The latest breed in the KnitBritish Wool Exploration is Romney. "extremely versatile, with personality and charisma", says the Fleece and Fibre Sourcebook. There's lots more information here about the breed, where to get some and how to take part in the exploration.
The cost of fleece
Beth says that she feels "gratitude to small farmers who are raising sheep and sometimes saving breeds from complete extinction".
In this article she gives some examples of the costs of keeping a sheep (in America) and it's clear that the price that you might be asked for a fleece is just a fraction of what it's cost to keep the sheep in a small flock for a year. Even given the value of the lamb for resale, it's no wonder that farmers are having to find efficiencies in order to avoid making a loss.
Do you keep a small flock for business or hobby reasons here in the UK? I'd love to hear via the HSN forum about whether the information in Beth's article is a reflection of the costs here in the UK.
Yarn is not for the birds
katknit of danceswithwools has posted these points which apparently appeared first at Interweave.com, but I've not succeeded in finding that original article.
The message is that putting out yarn may be bad for birds. I do remember being taught that it's good to put out waste fleece which I guess is just what they'd find naturally.
There are a number of points here about why yarn itself might be harmful to them.
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Places to Visit
History Makers: Knockando Woolmill
Knockando Woolmill (Moray, Scotland) was in a dilapidated state but A-listed as a site of international importance.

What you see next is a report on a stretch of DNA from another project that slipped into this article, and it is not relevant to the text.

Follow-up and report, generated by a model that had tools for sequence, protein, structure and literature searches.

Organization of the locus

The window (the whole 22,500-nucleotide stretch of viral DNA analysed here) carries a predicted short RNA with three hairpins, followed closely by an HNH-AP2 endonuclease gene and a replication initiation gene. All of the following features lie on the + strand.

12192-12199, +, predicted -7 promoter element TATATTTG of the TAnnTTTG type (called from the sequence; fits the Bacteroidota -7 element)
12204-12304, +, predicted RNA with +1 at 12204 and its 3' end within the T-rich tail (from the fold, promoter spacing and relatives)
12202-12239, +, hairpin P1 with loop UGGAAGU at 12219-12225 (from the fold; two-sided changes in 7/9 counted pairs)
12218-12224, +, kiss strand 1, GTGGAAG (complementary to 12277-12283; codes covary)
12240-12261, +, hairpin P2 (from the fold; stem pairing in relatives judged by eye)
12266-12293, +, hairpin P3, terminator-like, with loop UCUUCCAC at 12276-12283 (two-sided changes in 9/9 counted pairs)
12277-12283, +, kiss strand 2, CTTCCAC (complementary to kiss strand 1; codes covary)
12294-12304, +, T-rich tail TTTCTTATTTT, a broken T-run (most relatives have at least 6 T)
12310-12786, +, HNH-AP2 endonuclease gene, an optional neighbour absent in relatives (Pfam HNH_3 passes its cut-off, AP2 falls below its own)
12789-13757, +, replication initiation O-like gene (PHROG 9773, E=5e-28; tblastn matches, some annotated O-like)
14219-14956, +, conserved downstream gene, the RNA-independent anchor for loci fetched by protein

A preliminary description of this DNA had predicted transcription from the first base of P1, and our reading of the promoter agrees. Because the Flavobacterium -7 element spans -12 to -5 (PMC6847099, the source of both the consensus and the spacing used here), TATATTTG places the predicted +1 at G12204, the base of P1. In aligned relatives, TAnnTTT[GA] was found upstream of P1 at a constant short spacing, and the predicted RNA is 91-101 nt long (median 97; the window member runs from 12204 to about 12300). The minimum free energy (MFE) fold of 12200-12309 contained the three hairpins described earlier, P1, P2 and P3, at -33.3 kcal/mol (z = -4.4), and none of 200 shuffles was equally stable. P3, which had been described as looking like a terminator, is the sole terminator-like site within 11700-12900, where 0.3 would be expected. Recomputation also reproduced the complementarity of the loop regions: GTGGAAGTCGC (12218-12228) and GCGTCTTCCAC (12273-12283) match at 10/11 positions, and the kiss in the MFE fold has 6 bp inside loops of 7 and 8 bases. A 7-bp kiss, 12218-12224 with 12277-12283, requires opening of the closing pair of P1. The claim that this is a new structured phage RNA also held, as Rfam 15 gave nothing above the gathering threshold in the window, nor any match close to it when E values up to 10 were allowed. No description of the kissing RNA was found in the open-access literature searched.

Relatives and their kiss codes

This video is delightful, it contains lots of information about the history and its restoration, some historic footage of the strict owner and cheeky workers, and some fascinating glimpses of spinning and weaving machinery being taken apart and restored.
As the video suggests, the restoration of the mill has been for production reasons, but they also provide a visitor experience.
Thanks to 1764 Shepherdess for sharing.
A visit to Cold Harbour Mill
Thanks to Sue for posting pictures and words about her visit to Cold Harbour Mill, Devon.
"Spinners and Weavers offer a nice demonstration and talk to show the visitor how the wool is taken through each stage from spinning, skeins, cones, warping and weaving"
They spin and weave to produce cloth. Although the mill doesn't process fleece any more, they do have machinery on display.
Tips and tutorials
Butt first? Spinning from the lock
Did I use this story simply so that I could use the heading 'butt first'? I'm not saying.
People disagree on the question of whether to spin with the tip of the fibre or the cut end facing forward. Anne Merrow gives the main reason (scales) why you might want to choose one way or the other.
Although the title mentions locks, if you want to be very careful to maintain the direction of the fibres while drum carding, I guess this all applies there too.
Metal mordants and modifiers on plant dyed wool
The countryside, gardens and roadsides have recently been yellow with dandelions as they've responded to the brief bouts of warm sunny weather. It's possible to use the flowers to dye yarn a bright yellow as shown here in Fran's picture.
You may know that different mordants can affect the final colour, but did you know that using certain solutions as a mordant or with the mordant can also vary the colour that you get?
Fran gives loads of information here about using iron and copper with striking results.
Guide to drum carders
I didn't know that you could buy porcupine quills, but apparently they make a great tool for extracting those rogue fibres - strong and pointy enough to probe in between the teeth without doing harm to the carding cloth.
Useless information: I used to think that they were called 'porky-pines' because they resembled little pigs. Which of course they aren't and they don't.
There are loads of drum carding tips in here for the beginner and experienced alike.
It's not a new link but I hadn't seen it so thanks to April for sharing.
Getting to know your commercial fiber